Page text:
And if they changed their formulas, their sales are going to drop now as a public company CEO, if in the next quarter, your sales drop, what’s going to happen. Your board is going to fire you. So as a public company, CEO, it’s a completely misaligned incentives where you have no incentive to innovate unless you straight up acquire a company. And what this has caused is it’s effectively chaos, where a lot of these incumbents they’ve basically turned over CEO’s like 12 times, you know, in the past few years they can’t change anything at this point. There, again, the incentives are broken. So you see a lot of these upstart brands brands like ourselves, or like the Magic Spoon and bonds of the world who see an opportunity to capitalize on changing consumer habits, trends, and, and build these large brands to basically take away pieces of companies like Proctor and gamble. And if you look at a company like Proctor & Gamble, each particular like each product within the portfolio can alone be a billion dollar brand. And so I think a lot of VCs are recognizing that this is happening, not just within food and beverage, but you look at your average home. You look at a couch these days that we have direct to consumer brands selling couches only, or mattress companies like Casper, 8sleep, Lisa and these are all billion dollar, multi billion dollar companies just waiting to be built.


So VCs no longer focus as much on wanting to see 70% gross margins. They just want to see growth.


I don’t think that’s necessarily true. I think they still care a lot about gross margins. And I think recently, especially across the Twitter sphere, there was a huge debate you know, around the importance of gross margins, especially now that I don’t know, SoftBank, you know, has kind of come and plowed their money into all these companies. And they haven’t really seen the return that they’d like. WeWork with the biggest scandal recently around that. I think though with direct to consumer brands, you actually can, you, you’ll probably never get to the software gross margin, but there are a lot of brands. For example, there are a lot of food and beverage founders that I know some of them are investors in our company. That’s how I know some of the insight information they have reached that glorious 70 to 80% gross margin, which is, you know, you can, it seems unheard of, and this is specifically direct to consumer.


And again, this is because you’re cutting out so much of the middlemen in this industry. A lot of the retailers wholesalers that historically would want to take cuts. But you know, the beauty of internet, again with eCommerce is you’re selling direct to consumer. You own the entire life cycle, the transaction life cycle. You know, you’re running everything from the paid ads all the way down to acquiring that that consumer. And so you can get the gross margins that traditional software has seen. Now, that’s a little bit different when you enter a retail and you’re selling within brick and mortar, or you’re selling within grocery there. You’re not going to see the same gross margin, but where, what you see there is you see scale from a volume perspective. And these brick and mortar locations are channels that traditional software companies don’t get access to because they’re selling software. But for food and beverage, for example, we have all these different retail outlets. And I think people forget that something like 99 point something percent of all shopping is typically still done in brick and mortar is at least in food and beverage. So that’s still a huge market there, right?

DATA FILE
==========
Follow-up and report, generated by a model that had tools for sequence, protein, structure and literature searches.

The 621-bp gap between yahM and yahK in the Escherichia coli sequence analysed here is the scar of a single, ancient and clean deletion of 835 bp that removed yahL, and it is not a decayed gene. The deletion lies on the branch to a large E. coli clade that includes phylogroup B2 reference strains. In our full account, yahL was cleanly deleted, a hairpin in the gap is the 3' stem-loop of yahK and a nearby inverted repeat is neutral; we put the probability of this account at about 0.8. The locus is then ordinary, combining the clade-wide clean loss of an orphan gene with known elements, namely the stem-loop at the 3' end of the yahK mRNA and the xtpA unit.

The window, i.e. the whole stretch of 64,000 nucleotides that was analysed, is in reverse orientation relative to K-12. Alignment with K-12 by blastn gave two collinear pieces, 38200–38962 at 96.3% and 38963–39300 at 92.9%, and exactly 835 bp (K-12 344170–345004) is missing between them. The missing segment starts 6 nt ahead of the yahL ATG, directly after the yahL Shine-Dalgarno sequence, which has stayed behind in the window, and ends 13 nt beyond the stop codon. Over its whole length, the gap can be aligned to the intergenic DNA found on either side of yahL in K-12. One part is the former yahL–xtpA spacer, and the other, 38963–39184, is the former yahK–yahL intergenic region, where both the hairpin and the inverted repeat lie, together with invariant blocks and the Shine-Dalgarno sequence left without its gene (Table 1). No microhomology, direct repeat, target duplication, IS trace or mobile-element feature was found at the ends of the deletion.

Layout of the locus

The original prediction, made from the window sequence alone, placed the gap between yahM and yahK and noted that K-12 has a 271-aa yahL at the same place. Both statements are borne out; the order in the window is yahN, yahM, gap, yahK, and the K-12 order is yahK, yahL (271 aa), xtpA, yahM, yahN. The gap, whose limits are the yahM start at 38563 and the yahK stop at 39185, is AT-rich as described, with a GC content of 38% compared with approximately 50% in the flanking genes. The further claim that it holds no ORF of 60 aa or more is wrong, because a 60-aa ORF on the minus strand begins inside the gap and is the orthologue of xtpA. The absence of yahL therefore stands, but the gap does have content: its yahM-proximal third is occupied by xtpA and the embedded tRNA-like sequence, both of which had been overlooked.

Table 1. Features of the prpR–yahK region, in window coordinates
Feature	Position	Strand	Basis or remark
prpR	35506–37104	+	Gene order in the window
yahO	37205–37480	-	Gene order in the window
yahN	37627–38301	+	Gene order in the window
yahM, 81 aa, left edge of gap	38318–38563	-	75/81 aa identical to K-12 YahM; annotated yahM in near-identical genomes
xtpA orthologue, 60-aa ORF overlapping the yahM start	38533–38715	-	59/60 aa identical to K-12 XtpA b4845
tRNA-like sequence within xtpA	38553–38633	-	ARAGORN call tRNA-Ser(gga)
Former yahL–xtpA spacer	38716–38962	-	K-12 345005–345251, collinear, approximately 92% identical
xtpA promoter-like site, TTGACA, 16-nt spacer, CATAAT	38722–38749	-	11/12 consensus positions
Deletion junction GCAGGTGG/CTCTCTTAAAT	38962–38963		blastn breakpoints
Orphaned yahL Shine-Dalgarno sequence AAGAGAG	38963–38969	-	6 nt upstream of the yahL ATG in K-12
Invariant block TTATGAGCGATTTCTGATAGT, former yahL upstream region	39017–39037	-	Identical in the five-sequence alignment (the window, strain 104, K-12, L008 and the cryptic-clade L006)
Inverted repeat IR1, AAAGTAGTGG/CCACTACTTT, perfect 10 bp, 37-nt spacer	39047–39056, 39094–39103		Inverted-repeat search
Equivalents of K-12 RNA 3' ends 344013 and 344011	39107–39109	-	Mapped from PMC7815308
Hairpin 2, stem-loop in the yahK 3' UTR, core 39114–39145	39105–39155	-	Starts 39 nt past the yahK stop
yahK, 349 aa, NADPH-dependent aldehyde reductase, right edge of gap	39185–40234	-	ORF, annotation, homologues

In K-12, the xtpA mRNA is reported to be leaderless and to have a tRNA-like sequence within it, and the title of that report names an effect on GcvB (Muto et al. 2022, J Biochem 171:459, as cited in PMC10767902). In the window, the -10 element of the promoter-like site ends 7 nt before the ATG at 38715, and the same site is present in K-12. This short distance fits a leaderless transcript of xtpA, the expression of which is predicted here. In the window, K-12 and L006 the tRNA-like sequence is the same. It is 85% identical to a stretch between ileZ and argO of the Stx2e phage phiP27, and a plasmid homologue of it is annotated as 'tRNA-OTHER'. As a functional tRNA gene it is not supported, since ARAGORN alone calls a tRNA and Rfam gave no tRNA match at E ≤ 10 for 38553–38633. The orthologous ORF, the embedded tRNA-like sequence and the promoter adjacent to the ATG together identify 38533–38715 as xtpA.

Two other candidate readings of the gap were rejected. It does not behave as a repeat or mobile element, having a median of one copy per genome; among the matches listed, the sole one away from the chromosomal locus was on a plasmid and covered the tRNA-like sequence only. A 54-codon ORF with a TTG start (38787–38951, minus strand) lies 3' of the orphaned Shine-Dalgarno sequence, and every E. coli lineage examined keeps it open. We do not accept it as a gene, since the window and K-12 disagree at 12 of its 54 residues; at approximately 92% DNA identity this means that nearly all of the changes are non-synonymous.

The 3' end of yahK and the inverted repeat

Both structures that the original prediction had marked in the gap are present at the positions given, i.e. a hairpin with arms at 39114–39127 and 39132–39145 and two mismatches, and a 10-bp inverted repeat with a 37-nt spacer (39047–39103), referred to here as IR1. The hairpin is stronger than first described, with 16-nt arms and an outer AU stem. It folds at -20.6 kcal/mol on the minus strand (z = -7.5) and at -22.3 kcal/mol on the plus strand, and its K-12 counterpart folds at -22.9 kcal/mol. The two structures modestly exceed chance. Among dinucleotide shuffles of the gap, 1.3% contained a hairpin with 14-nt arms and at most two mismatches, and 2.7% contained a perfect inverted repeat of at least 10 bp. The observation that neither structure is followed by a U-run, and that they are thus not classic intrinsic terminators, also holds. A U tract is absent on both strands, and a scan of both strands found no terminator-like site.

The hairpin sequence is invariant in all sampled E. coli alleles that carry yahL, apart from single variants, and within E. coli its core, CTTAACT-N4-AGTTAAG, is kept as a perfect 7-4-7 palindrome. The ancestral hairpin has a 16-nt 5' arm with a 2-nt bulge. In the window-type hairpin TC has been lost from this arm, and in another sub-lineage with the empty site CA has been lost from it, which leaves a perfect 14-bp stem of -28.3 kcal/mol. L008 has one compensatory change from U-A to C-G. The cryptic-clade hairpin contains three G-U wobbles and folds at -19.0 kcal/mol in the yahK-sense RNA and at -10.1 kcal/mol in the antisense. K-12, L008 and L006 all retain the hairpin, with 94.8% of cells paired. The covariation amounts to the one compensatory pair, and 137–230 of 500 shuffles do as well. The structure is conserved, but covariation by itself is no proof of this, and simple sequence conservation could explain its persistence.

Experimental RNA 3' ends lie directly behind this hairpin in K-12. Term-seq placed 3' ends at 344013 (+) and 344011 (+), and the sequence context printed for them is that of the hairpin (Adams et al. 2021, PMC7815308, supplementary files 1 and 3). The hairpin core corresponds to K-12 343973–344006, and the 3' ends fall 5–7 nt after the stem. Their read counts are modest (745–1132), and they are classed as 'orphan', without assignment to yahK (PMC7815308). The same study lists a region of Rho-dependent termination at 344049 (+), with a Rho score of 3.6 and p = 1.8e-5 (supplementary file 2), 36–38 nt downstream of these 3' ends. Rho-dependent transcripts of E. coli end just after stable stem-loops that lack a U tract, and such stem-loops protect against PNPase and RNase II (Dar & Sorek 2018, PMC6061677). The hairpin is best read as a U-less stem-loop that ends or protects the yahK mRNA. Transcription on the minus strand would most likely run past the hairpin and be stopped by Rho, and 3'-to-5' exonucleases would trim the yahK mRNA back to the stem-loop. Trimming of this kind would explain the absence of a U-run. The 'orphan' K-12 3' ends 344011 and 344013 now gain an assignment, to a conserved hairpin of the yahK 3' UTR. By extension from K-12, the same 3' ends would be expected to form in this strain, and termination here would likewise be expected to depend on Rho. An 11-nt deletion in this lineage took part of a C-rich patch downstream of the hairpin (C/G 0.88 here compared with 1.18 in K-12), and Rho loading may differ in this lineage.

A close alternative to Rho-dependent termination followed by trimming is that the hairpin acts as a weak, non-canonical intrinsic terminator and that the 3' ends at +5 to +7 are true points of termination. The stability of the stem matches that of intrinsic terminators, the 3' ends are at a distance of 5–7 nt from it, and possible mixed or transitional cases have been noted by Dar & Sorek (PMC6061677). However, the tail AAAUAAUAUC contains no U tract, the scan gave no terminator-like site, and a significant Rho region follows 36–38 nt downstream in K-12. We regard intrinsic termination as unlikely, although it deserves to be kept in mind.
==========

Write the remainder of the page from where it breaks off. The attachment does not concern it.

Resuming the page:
Let me close with a couple of founder hack questions. You’ve been on both sides of the fence as an investor and as a founder, multiple times. As an investor, what are the top two or three lies that founders tell you, even if it’s lies that founders believe themselves?


Interesting. So I think one lie, one lie that I see a lot at the early stages is a lot of founders claim that they know their LTV to CAC ratio. You’ll see, often in a lot of pitch decks, a lot of these founders will say, we know our LTV to CAC is 4.5X. And I think at the earliest stages is almost impossible to estimate this ratio. You know, for one, a lot of companies, whether you’re a SaaS company, whether you’re a consumer brand, you just haven’t seen enough cycles, whether that’s like turn cycles or, you know, like subscription cycles to know what your true LTV is. Two is you probably haven’t built like a full multitouch attribution model to know your, your CAC down to the details. So it’s just really hard to estimate. So I think it’s good to have an estimation.